Exhibition opening 18.08.2023, 18.00-20.00
The history of fine photography is fraught. Its emergence as a serious art form has been as tumultuous as it has been revelatory. It has called into question the principles underlying originality, spirit, and autonomy in art. Arthur Danto in his book After the End of Art marks the critical distinction between modernism and postmodernism as follows: modernism dispenses with the superfluous, and instead pursues the essential, while postmodernism doubts essence per se, and instead revels in surface. In other words, where modernist works insist on positing formal dynamics according to an inner logic, postmodernist works embrace pastiche and surface as substance in themselves. But perhaps both approaches are endemic to art liberated from religion. Perhaps the pendulum swings to and fro between one paradigm to the other. For the values apparent in a number of young artists today resemble more vividly the days of modernism than those of postmodernism.
The untangling of light and contour—the optical ingredients of the perception of volumetric form—has been a constant in Bjarne Bare’s oeuvre. Bare essentializes the practice of photography. Mostly through photographs of buildings, pavement, and other inert objects or materials, Bare uses the lens of the camera to sketch a topography of vision. His photographs render their subjects into angles of lines, forms of color, and patterns of texture. Even in The Melancholic Eye (an image which seems to summon emotional content toward itself like a black hole) the ultimate dimension of the artist’s work relates to the imposing scale of the eye and the abstraction of the subject into textural zones.
Bare’s formal practice is furthered in this exhibition with his photographs of radiators. Impressive and daunting when magnified, Bare’s radiators appear like microcosms of cities. They propose a hypnotic order. They suggest something scalable and infinite. There is something almost Kafkaesque about their briskness, about the readiness of the specific to be dissolved into the generic.
The alternate pole of Bare’s work expresses a kind of theater, or better yet the residue of a drama. While works like V and Bianca maintain Bare’s characteristic compositional rigor, they also point to a narrative beyond their immediate reality. They suggest for the viewer personality dynamics and stories of human interaction and behavior. They are in a sense pre-cinematic. They are at the precipice of drama.
The black horizon photographs are the ultimate sublimation of his practice. Each of these photographs is so dark as to appear almost entirely black. They make the physical conditions of their viewing weigh on the experience—the quality of light in the space, the attention of the viewer, the reflections in the print surface—these works do what art ought to do: sensitize a viewer to the aesthetic conditions of their situation. Within the pictures is a horizon line, a point at which the deep black lightens up slightly. From this point the contours of waves can be glimpsed. The minutia of light seeps out like sap in slow sequence, only revealing itself to the patient viewer. They are meditative works that push print photography to its limit. They are dramatic and vast, yet articulate and formally challenging. They have an inner logic and direction, and Bare’s careful handling has brought that inner kineticism to a head. They are ambitious photographs, and for the ambitious viewer, they offer rewards.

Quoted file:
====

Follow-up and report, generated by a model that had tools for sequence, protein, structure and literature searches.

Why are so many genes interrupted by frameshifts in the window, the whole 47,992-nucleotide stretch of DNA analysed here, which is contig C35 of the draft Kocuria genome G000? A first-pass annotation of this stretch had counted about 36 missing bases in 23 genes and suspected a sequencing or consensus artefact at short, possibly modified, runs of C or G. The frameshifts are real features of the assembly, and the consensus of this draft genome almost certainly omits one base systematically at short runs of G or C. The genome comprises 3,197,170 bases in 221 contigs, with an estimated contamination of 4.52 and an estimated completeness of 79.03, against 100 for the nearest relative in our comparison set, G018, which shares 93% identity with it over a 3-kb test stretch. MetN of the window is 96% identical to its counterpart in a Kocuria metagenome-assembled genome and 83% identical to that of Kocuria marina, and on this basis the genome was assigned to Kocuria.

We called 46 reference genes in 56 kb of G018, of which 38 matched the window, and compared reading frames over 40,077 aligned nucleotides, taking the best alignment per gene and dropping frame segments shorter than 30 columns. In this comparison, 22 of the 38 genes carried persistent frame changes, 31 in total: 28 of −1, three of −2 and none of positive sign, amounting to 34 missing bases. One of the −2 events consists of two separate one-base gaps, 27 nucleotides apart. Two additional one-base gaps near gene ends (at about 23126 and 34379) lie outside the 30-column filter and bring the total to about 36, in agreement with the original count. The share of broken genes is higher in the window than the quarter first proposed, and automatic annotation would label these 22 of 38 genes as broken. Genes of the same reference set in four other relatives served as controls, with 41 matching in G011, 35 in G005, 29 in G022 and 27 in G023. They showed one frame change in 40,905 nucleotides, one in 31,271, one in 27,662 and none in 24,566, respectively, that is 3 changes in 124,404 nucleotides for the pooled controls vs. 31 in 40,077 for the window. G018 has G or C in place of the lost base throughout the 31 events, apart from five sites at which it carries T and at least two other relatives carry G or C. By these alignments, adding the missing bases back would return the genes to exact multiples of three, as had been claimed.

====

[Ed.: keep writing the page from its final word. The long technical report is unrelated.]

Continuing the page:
- Exhibition text by Grant Tyler
Bjarne Bare (b. 1985 in Poznań, Poland) is an internationally exhibited artist based in Los Angeles, California. Bare’s approach to photography is conceptual, offering a complex, dynamic visual that stands in contrast to the ‘decisive moment’ that is often portrayed in traditional photography. He received his B.F.A. from the Academy of Fine Art Oslo (2013) and M.F.A. from UCLA, Los Angeles (2017). Bare co-founded the Norwegian gallery MELK in 2009, which has since helped shape a generation of Scandinavian artists.
Through his work as an artist, gallery director, and publisher, Bjarne Bare maintains a profound interest in the development and current state of the photographic image, as well as a theoretical curiosity concerning modes of perception in the reading of the photograph. He has been the editor of notable books on photography, including the publications Why Photography? (Skira, Milan) and New Scandinavian Photography (Black Dog Publishing, London). Alongside his practice as a visual artist, Bare has worked as a curator at a number of exhibitions focusing on contemporary photography, as an advisor, editor, and juror.
His works have been shown in museums such as the Henie Onstad Kunstsenter, Lillehammer Kunstmuseum, Preus Museum and Sørlandets Kunstmuseum as well as Fondazione Bevilacqua La Masa, Palazzetto Tito, Venice; UCLA Broad Art Center, Los Angeles; Three Shadows Xiamen Photography Art Centre, Xiamen; Kunstnernes Hus, Oslo; and OSL contemporary, Oslo; among others. Bare has published several books, which have been included in libraries and collections such as the Museum of Modern Art (MOMA); Los Angeles County Museum of Art (LACMA); The Getty Research Institute; Sächsische Universitätsbibliothek Dresden; University of Bergen and his artworks are found in the collections such as the National Museum of Art, Oslo; Kistefos Museum, Jevnaker; Preus Museum, Horten; Wienerberger Contemporary Photography Collection, Vienna; and Ekard Collection, Wassenaar.